Forecast deviation and strong power export led to n-1 violations
A rainy weekend heralded a particularly rainy start to the week on 20 May 2019. There was hardly any wind and no sun either. Thus, extremely unfavourable conditions for electricity generation from renewables. According to ENTSO-E, of almost 220 GW of installed generation capacity in Germany, around 26 GW was unavailable between 06:00 and 15:00, of which 0.8 GW was wind. Reasons for the unavailability included overhauls, for example the largest German pumped storage facility, Goldisthal, was not available at this time.
According to reports in several Swiss newspapers and confirmation from Swissgrid, Switzerland was on the verge of a blackout this morning due to a breach of the n-1 criterion.
n-1 criterion explained
The n-1 rule is a safety rule for the operation of the electricity grid. This safety rule states that at the maximum maximum load forecast by the grid operator, grid security must remain guaranteed even if one grid component fails. For example, a transformer station or power plant is always supplied via two lines (e.g. a ring line). If a component in the grid fails, e.g. one side of the ring feeder, or e.g. a transformer in a substation, there must be neither an interruption in supply nor an extension of the fault due to a cascade effect.
Here is an illustration of the cascade effect, after cutting the line between 14 and 16: source: netzsin.us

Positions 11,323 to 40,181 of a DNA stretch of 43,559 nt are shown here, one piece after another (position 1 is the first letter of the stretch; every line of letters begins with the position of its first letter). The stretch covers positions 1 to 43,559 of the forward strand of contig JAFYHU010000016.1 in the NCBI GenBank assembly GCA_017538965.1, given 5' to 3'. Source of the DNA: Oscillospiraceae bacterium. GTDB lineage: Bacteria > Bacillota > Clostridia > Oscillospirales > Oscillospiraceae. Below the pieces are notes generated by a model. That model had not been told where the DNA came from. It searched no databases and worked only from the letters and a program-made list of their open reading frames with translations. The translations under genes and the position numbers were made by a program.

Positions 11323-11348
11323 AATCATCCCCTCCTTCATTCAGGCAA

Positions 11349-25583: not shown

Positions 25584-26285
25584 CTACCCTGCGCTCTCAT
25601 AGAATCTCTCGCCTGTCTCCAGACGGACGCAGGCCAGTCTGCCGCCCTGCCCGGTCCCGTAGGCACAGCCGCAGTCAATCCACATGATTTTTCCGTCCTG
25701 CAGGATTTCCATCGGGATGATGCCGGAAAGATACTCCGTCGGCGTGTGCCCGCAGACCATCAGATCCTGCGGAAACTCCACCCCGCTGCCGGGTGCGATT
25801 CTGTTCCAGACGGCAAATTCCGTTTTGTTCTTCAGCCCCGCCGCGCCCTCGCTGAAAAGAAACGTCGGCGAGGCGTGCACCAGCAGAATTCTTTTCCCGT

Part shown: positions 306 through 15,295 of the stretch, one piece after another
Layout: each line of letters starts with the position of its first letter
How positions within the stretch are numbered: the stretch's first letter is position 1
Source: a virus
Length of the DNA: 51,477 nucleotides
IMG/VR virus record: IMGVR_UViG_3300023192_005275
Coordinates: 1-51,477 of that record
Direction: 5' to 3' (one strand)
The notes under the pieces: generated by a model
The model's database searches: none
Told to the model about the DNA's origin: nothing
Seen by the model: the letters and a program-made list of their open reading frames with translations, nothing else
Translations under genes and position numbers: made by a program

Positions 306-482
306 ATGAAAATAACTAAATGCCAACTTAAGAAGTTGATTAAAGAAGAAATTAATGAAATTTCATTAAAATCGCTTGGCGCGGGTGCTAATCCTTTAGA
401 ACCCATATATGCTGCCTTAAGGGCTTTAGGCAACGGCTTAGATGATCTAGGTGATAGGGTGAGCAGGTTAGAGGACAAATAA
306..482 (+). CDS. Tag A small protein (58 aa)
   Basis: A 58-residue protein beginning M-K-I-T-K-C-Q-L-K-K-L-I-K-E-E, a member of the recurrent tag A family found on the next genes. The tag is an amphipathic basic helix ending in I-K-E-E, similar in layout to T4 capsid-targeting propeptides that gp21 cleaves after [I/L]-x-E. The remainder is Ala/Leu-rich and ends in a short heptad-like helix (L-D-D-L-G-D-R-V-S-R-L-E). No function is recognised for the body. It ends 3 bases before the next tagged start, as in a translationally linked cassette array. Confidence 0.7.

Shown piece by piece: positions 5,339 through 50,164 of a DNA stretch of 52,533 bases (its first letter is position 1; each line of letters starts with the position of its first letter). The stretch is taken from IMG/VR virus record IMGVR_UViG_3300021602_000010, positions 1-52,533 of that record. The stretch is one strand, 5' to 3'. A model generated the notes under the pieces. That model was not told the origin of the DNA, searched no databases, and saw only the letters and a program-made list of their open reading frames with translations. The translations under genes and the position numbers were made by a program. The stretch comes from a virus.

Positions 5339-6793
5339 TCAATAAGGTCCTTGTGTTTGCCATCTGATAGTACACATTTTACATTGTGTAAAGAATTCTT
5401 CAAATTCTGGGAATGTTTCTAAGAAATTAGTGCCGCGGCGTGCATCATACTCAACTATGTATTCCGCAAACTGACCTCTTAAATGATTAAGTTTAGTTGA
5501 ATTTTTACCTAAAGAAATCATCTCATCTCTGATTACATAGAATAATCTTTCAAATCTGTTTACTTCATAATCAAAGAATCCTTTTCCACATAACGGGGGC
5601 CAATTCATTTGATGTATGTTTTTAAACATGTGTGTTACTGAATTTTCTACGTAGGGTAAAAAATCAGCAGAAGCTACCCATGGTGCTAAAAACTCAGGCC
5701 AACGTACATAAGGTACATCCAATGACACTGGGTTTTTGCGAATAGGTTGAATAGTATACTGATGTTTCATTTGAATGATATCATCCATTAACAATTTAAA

A calculation model is used to determine the network schedule for the following day. This means that a maximum load in the grid is forecast for the following day on the basis of empirical values, weather conditions and plannable major events, among other things, and then the grid topology is determined accordingly. In the event of massive deviations from this maximum load forecast, e.g. due to unforeseeable major events, n-1 violations can occur.
Background to the near-blackout
But back to Switzerland: The starting point of the critical situation was a massive deviation of the load flows between Switzerland and Germany from the schedules. According to publications by Transnet BW, the difference from the forecasts rose sharply from around 06:45 and reached 1780 MW at its peak between 10:45 and 11:00. This output corresponds to approx. 1.5 nuclear power plants. Over the period considered here, from 06:00 to 15:00, the deviation of 1145 MW on average is almost 75 percent above the average deviation of the first four weeks of May.
(data: Transnet BW)
The decisive factor, however, was not the realised German consumption. This did not deviate unusually from the consumption forecast, and according to smard.de, generation within Germany was only slightly below German consumption. On the grid side, there is currently a shortfall of around 300 MW of net transfer capacity (i.e. the grid capacity available for trading between the countries) between Switzerland and Germany. This is due to the lack of a transformer (-200 MW) as well as the reduced capacity of a line (-100 MW). However, these missing 300 MW probably had no influence on the exceptional situation between Switzerland and Germany.